PARIS — Most global climate conferences have the feel and flavor of a carnival, with delegates from nearly 200 nations bickering over emissions cuts and technology transfers against a steady din of advocacy, protest and colorful demonstration.
The meeting now unfolding in Paris — the 21st Conference of the Parties to the United Nations Convention on Climate Change, or COP21 for short — is different. Sure, there are acres of well-decorated information booths representing every potential interest in the ongoing climate debate, from the Global Forest Coalition and the Natural Resources Defense Council to the World Bioenergy Association, the European Patent Office, and the International Potato Center.
But the talks this year carry added weight — and not only because they unfold just two weeks after the brutal terrorist attacks that claimed 130 lives, left ordinary Parisians reeling, and both the city and the conference under a sometimes paralyzing security crackdown.
With numerous scientific models suggesting that the odds of keeping temperatures in reasonable check are quickly dwindling, the pressure to produce something — anything — that looks like a global agreement is higher than ever. Indeed, 2009-’10 Knight Science Journalism Fellow Chris Mooney suggested in recent coverage of the climate talks that without a highly ambitious climate pact — and a host of other necessary moves — “[w]e could be on the verge … of causing changes that will be irreversible at the scale of thousands of years.”
Not surprisingly, the high stakes have drawn some of the best science and environmental journalists in the world to the potentially historic summit, including several former KSJ fellows. Among the program’s alumni who are now, or soon-to-be, on the ground at COP21, which officially began on Monday and will grind on for at least another 13 days: Justin Gillis (KSJ 2004-’05), reporting for The New York Times; Nick Clark (KSJ 2013-’14), reporting for Al Jazeera; Giovana Girardi and Olga Dobrovidova, both KSJ 2014-’15 alums, reporting respectively for Brazil’s Estadão newspaper and London-based Climate Home; Martin Uhlir (KSJ 2004-’05), reporting for the Czech Republic’s Respekt Weekly magazine; Zimbabwean journalist and frequent contributor to Reuters, Andrew Mambondiyani (KSJ 2010-’11); and 2013-’14 alum Caty Arévalo, writing for Spain’s largest news agency, EFE.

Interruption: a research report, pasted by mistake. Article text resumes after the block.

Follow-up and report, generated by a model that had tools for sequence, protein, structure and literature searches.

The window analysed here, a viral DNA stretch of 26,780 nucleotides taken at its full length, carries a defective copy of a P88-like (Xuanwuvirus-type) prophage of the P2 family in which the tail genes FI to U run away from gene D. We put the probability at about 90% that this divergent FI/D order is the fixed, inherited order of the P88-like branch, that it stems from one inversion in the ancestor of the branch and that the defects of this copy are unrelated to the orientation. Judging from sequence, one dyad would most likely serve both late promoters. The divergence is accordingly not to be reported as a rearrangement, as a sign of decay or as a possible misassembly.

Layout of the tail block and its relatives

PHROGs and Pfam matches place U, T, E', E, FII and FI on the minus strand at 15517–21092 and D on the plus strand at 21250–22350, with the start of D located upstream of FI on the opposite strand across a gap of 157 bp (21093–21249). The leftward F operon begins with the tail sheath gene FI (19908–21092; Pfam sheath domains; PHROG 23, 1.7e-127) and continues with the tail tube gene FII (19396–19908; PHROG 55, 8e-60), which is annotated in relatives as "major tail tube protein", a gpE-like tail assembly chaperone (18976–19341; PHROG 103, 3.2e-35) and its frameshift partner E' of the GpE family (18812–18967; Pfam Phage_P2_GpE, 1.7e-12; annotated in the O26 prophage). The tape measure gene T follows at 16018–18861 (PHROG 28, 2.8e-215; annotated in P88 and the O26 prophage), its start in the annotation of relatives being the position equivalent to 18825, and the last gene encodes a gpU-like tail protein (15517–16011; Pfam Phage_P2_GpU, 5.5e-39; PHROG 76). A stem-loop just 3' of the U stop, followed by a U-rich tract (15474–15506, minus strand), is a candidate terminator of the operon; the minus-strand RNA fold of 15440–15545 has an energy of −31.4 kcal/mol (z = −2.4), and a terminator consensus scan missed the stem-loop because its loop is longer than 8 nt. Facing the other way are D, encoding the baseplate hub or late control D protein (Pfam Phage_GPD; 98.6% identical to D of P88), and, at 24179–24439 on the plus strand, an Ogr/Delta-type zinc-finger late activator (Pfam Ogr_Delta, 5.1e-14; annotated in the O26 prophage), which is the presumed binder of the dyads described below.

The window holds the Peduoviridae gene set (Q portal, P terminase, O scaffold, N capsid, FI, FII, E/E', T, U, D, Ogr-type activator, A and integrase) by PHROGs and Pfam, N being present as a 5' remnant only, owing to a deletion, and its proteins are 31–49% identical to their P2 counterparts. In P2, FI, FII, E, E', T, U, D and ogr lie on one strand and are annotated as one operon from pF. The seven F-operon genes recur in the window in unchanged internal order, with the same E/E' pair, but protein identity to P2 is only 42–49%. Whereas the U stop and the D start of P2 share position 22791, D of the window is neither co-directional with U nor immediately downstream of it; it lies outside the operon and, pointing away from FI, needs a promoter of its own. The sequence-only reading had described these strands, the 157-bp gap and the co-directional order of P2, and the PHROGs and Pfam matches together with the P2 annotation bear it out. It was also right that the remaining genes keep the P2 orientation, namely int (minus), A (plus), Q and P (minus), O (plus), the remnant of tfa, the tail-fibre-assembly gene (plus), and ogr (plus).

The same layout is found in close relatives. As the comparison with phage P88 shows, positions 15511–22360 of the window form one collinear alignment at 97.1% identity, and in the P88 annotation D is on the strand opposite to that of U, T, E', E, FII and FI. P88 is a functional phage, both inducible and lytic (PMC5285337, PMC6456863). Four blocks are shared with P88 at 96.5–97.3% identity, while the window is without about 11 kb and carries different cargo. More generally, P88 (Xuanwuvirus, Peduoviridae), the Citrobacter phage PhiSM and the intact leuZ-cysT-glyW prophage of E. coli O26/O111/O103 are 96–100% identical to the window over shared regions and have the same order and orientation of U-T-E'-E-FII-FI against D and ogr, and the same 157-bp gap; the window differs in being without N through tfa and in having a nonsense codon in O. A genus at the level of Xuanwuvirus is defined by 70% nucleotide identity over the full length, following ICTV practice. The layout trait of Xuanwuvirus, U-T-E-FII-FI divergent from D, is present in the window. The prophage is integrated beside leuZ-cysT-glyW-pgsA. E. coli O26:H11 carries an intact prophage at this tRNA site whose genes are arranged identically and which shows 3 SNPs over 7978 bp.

They join a phalanx of some 40,000 delegates, observers and activists expected to descend on Paris over the course of the next two weeks.
“Covering the annual U.N. climate summit is probably the most tricky assignment of the year,” said Arévalo, whose year in Cambridge helped to augment her skills in covering what can often be an exceedingly complex and technical affair. “It is really complicated to glean what exactly is happening inside the negotiation rooms, and you really need to have good sources who answer the phone right on time, which for me, working for a news wire, is really important.”
“Communicating the importance of what it is being negotiated to an audience who suffers ‘climate fatigue,'” she added, “is also challenging.”
In that sense, a great deal is riding not just on the delegates negotiating the future of the planet, but on the journalists who must dissect both the science and a seemingly endless tangle of competing political interests — all in the public interest.
“Never before has a responsibility so great been in the hands of so few,” said Christina Figueres, the U.N.’s climate chief, in her opening remarks to negotiators on Monday. “The world is looking to you. The world is counting on you.”
The same might be said of the 3,000 credentialed journalists expected to be on hand for the talks, including those from the KSJ family. We wish them all luck, and we’ll look forward to sharing some highlights from their coverage in a future post.